I realise my blog reflections are falling behind – I am reflecting on what is happening and wondering a lot, but I seem to be low on energy as it comes towards the end of the day to actually start to get things down in written form so that I can reflect further.
Yesterday was an amazing day at the cathedral. In the afternoon I ‘led’ the Medway Primary Schools Carol service – well one of them as there are 4 this week! The experience was a great joy because the excitement and wonder on the faces of the children was simply amazing as they gazed around this massive space (which we take for granted) in which they were expected to speak and sing. I hope I was able to welcome and put parents and visitors at ease – my few mistakes, such as forgetting to pray (what a poor priest I am!!!) all seemed to help relax the atmosphere a little. The service had a great feel to it and people seemed comfortable and I felt excited by this as many of those present would not normally visit a church let alone a cathedral. People felt included and welcome which I consider to be very important.
In the evening I was part of the World Aids Day service which was again a massive privilege and a very very moving experience. During the playing of certain pieces of music and lighting of candles in memory of those who had died or were bereaved due to HIV/AIDS it was hard to keep back the tears and at one point I failed, or maybe it was a success (?), as I was reminded of a lost friend.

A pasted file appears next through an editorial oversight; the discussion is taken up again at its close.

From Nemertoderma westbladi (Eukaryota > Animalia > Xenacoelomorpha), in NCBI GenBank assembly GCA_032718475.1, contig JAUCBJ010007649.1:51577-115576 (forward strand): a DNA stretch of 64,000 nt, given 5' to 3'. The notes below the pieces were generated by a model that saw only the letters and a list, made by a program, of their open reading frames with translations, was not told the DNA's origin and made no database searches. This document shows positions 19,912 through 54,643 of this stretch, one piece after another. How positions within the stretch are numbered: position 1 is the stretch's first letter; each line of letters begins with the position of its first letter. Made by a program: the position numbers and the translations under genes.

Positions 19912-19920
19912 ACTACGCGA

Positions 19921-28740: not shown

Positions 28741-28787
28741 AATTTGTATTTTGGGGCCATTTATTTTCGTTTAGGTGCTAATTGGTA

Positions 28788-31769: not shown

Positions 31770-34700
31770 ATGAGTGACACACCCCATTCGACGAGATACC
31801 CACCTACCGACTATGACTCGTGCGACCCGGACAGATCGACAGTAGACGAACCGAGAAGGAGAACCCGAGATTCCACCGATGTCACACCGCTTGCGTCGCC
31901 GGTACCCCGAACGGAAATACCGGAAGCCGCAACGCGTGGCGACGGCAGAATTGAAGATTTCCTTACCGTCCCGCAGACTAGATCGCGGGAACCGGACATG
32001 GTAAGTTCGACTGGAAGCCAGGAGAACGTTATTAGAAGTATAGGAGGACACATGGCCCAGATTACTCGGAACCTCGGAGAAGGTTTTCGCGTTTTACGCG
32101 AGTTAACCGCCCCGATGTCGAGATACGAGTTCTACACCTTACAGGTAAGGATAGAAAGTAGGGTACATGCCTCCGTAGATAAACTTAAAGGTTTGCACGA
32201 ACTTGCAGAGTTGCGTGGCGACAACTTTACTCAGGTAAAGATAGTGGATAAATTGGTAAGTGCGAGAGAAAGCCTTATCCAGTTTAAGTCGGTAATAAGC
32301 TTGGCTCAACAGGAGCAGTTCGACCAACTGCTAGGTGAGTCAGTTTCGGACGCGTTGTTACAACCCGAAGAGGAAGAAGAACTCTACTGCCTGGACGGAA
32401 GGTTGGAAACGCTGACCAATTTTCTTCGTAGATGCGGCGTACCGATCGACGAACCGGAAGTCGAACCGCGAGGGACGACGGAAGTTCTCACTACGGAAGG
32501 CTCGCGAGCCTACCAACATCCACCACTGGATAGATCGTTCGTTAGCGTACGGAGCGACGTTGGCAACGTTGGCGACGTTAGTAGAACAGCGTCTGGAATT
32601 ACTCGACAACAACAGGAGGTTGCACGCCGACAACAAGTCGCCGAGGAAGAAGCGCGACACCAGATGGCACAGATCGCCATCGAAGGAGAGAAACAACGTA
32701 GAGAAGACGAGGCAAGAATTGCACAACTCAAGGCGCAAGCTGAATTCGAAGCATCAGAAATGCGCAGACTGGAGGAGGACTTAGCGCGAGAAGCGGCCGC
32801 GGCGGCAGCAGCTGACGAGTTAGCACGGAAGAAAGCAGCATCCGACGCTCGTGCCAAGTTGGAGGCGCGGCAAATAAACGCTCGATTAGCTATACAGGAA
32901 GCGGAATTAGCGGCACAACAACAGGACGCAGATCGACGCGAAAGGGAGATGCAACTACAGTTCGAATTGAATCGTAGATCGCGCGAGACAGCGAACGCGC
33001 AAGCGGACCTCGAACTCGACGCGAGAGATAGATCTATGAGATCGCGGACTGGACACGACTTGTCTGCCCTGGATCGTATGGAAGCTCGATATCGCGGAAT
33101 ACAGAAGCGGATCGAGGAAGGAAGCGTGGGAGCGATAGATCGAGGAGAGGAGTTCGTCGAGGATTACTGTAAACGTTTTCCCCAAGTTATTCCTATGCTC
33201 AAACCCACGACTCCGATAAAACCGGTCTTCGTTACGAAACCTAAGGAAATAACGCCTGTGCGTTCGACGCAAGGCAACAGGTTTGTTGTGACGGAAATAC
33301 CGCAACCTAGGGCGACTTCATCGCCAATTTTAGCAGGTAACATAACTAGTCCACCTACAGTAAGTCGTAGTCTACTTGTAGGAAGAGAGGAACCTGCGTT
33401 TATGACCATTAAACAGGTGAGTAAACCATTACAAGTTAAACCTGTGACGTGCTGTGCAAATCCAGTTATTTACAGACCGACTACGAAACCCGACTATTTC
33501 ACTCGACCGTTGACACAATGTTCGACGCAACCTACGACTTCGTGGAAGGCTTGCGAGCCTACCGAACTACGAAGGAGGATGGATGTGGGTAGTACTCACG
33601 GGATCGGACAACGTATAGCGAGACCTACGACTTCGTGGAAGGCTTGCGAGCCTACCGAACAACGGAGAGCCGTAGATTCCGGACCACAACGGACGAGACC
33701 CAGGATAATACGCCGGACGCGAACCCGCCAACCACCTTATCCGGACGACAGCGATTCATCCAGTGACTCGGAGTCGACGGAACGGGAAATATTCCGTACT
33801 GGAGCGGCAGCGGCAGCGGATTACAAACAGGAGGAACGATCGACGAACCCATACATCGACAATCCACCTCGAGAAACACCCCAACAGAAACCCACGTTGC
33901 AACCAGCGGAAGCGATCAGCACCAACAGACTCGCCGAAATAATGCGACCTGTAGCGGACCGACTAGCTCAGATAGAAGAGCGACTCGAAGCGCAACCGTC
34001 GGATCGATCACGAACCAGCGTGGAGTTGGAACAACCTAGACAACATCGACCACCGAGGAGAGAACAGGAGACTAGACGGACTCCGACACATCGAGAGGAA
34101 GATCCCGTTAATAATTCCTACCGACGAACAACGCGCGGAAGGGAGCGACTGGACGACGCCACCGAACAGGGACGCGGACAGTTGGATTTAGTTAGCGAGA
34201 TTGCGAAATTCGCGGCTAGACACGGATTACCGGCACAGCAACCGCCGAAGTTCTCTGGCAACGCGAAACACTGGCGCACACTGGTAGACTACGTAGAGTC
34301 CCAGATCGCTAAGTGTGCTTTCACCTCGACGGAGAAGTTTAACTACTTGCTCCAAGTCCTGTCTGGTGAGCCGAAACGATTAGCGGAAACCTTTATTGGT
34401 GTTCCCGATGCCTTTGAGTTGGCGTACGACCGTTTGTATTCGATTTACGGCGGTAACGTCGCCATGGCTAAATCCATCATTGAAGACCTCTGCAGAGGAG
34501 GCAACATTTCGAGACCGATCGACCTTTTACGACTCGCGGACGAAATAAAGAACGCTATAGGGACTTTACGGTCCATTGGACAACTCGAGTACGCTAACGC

The service was very much about people being welcome in the cathedral. For lots of reasons many who were there that evening, whether that be due to their sexuality or their state of health or whatever, do not normally feel welcome in church. As I reflect on the service I think my tears were not just for my lost friend, but were also just as much for my fellow brother and sisters who were sitting ‘uncomfortably’ in the chairs because of experiencing an unwelcome attitude in church. As I write, the thought of people rejected by Christians and/or because of their sexuality brings tears of sadness and anger to my eyes.
I just wish people could open their eyes. Last night I spoke with a couple. These 2 men shared how they were there to remember friends who had died from AIDS. As we chatted the love these two guys had for each other was amazingly obvious. It was obvious in their look and treatment of each other and I remember wishing that people who find this difficult to comprehend could just be there and see this clearly for themselves.
The love was real, the love was beautiful and this love had Christ at the centre – how can this be viewed as so wrong by some people?
As I drove away from the cathedral that night I became excited again – my experience had been one of welcoming in those that usually feel very excluded and on the outside.
My prayer is that the warmth of Christ that they experienced that day will draw them back to God, somehow, someway and somehow.